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Mortgage margins hit new high for lenders

The margin between mortgage rates and the cost of funding to lenders through the swap rate market stands at an all time high, reports Moneyfacts.

Two years ago the margin on a two year fixed deal stood at 1.28%, compared to 3.29% today.

The increase in margin means that on a £150,000 mortgage, a borrower is repaying £149 per month more, equivalent to an additional £3,576 over the two year term.

Michelle Slade, spokeswoman for Moneyfacts.co.uk, says borrowers will be angry, especially at government backed banks such as the Royal Bank of Scotland and Lloyds banking Group.

She says: “While the cost of swap rate funding stands at an all time low, the margin taken by lenders has hit an all time high.

“Mortgage rates are falling, but only a fraction of the reduced funding cost is being passed on as lenders continue to repair their balance sheets.

She adds that interest rates could hit 8% if the base rate rises and bank’s keep up their high margins.

Slade says: “Swap rates are the traditional barometer of fixed rate mortgages, but with lenders still nervous of entering the money markets many are opting for on balance sheet funding through their savings book.

“While the margin between fixed rate savings and mortgages is lower, it is steadily increasing again.

“The mortgage rates on offer at present are typical of what borrowers expected to pay when bank base rate was higher.”

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  • Dave P 20th August 2010 at 10:30 am

    Wasim, you really must get a life – responding to an article about swap rates at 4.58am!!!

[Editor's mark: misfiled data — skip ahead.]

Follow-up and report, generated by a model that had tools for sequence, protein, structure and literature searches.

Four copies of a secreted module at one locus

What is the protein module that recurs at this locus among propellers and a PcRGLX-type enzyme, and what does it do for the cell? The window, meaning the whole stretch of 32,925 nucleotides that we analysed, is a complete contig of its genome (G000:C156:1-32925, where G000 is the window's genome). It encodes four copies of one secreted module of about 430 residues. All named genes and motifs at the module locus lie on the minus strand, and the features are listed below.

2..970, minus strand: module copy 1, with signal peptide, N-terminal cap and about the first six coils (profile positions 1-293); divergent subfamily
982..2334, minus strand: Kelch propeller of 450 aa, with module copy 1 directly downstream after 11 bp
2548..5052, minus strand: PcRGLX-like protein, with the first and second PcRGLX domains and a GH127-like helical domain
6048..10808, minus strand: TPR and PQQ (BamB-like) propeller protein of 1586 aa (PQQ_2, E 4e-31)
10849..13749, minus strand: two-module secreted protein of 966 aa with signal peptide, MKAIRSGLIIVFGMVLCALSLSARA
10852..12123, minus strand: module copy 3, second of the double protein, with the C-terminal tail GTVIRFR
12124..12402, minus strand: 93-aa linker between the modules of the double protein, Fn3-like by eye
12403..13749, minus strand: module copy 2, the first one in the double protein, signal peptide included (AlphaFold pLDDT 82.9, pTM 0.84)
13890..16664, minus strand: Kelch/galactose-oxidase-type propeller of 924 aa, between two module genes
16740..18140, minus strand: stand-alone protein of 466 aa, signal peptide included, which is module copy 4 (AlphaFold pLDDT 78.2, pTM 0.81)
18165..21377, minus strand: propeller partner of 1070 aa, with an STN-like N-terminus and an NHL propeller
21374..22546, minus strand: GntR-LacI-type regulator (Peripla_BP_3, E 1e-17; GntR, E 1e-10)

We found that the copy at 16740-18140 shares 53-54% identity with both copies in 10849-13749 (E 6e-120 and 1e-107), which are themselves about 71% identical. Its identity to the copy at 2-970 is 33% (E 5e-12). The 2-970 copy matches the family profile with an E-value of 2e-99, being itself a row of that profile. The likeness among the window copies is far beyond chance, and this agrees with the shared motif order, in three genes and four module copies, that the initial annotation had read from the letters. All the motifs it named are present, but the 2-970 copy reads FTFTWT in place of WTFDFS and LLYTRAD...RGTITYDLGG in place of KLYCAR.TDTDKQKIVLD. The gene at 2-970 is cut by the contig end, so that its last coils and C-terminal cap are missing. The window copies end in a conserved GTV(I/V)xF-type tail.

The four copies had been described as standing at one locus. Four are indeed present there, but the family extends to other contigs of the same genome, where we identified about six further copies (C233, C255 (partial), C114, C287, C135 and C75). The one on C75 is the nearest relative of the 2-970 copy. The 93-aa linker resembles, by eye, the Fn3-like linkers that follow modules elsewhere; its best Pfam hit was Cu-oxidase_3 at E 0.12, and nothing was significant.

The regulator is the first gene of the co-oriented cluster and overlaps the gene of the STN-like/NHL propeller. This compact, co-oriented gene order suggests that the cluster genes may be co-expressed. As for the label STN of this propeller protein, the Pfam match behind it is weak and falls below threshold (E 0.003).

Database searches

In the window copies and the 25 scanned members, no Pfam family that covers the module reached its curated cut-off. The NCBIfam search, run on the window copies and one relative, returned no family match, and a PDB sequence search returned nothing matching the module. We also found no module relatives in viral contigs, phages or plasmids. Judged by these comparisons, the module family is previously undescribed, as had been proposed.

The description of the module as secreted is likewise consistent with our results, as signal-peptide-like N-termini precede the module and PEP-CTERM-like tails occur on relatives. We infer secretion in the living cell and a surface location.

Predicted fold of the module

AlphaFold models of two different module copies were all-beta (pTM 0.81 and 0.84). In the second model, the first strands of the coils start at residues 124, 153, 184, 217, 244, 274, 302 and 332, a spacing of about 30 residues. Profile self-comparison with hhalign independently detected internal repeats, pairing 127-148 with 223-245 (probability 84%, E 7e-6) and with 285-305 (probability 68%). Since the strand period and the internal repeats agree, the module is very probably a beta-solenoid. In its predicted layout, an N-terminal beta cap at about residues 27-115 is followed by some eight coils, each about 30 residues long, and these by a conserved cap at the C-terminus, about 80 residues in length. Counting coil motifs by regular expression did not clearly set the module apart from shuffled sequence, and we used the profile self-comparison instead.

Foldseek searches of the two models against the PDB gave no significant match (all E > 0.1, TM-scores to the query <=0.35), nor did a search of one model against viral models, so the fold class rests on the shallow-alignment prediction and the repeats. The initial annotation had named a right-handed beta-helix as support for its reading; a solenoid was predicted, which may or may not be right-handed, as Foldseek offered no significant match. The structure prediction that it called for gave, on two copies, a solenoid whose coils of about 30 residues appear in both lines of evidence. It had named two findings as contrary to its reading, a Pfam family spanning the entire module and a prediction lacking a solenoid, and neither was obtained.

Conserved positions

• Wasim 20th August 2010 at 4:58 am

    Absolutely Pathetic.
    Seriously is this how low Moneyfacts has scooped to?
    Poking and stabbing others to get their own name out in the domain?

    what’s happened to this industry, have we attracted all the scum bags of all industries here.

    Seems like no one can get their point across without tainting other players of the sector.

    Do we really expect joe public to buy this?

    Nice, count me out!

  • GMS 19th August 2010 at 4:40 pm

    Look out for tomorrow’s revelation …….. When you buy something from a supermarket for £1, the supermarket paid less than £1 for it.
    Of course there are profits to be made, it’s called business. What do Moneyfacts suggest? I know, lets make the bailed out banks lend money at no profit. That way the government deficit can stay huge for ever and give them something else to cry about.

    Ridiculous article.

  • Joe Bloggs 19th August 2010 at 2:04 pm

    Silly, silly article.

    Even a basic grasp of economics teaches us that when demand outstrips supply then prices increase. At the moment demand for loans is greater than the ability to supply so margins will increase.

    Those same customers who will be angry about the cost of lending would be equally angry if goverment backed institutions didn’t make enough money to pay back their outstanding government debt.

    Moneyfacts continue to tread a ridiculous path where they want to be seen as a consumer champion whilst continuing to mislead the public.

  • Joe Bloggs 19th August 2010 at 2:04 pm

    Silly, silly article.

    Even a basic grasp of economics teaches us that when demand outstrips supply then prices increase. At the moment demand for loans is greater than the ability to supply so margins will increase.

    Those same customers who will be angry about the cost of lending would be equally angry if goverment backed institutions didn’t make enough money to pay back their outstanding government debt.

    Moneyfacts continue to tread a ridiculous path where they want to be seen as a consumer champion whilst continuing to mislead the public.

  • Adrian Wild 19th August 2010 at 12:55 pm

    The majority of clients won’t even know what a swap rate is, so they will not ‘be angry’ as Ms Slade suggests.
    To put this in to ‘man in the street language’..if the fixed rate is say 3.50%, that is fantastic compared to rates at say 7% ten years ago, as my payments will be much less! Hurrah!!
    On the other hand if I cross the road in front of a bus and it hits me I will die!! A pointless comment for a pointless news article, unless you are a financial analyst.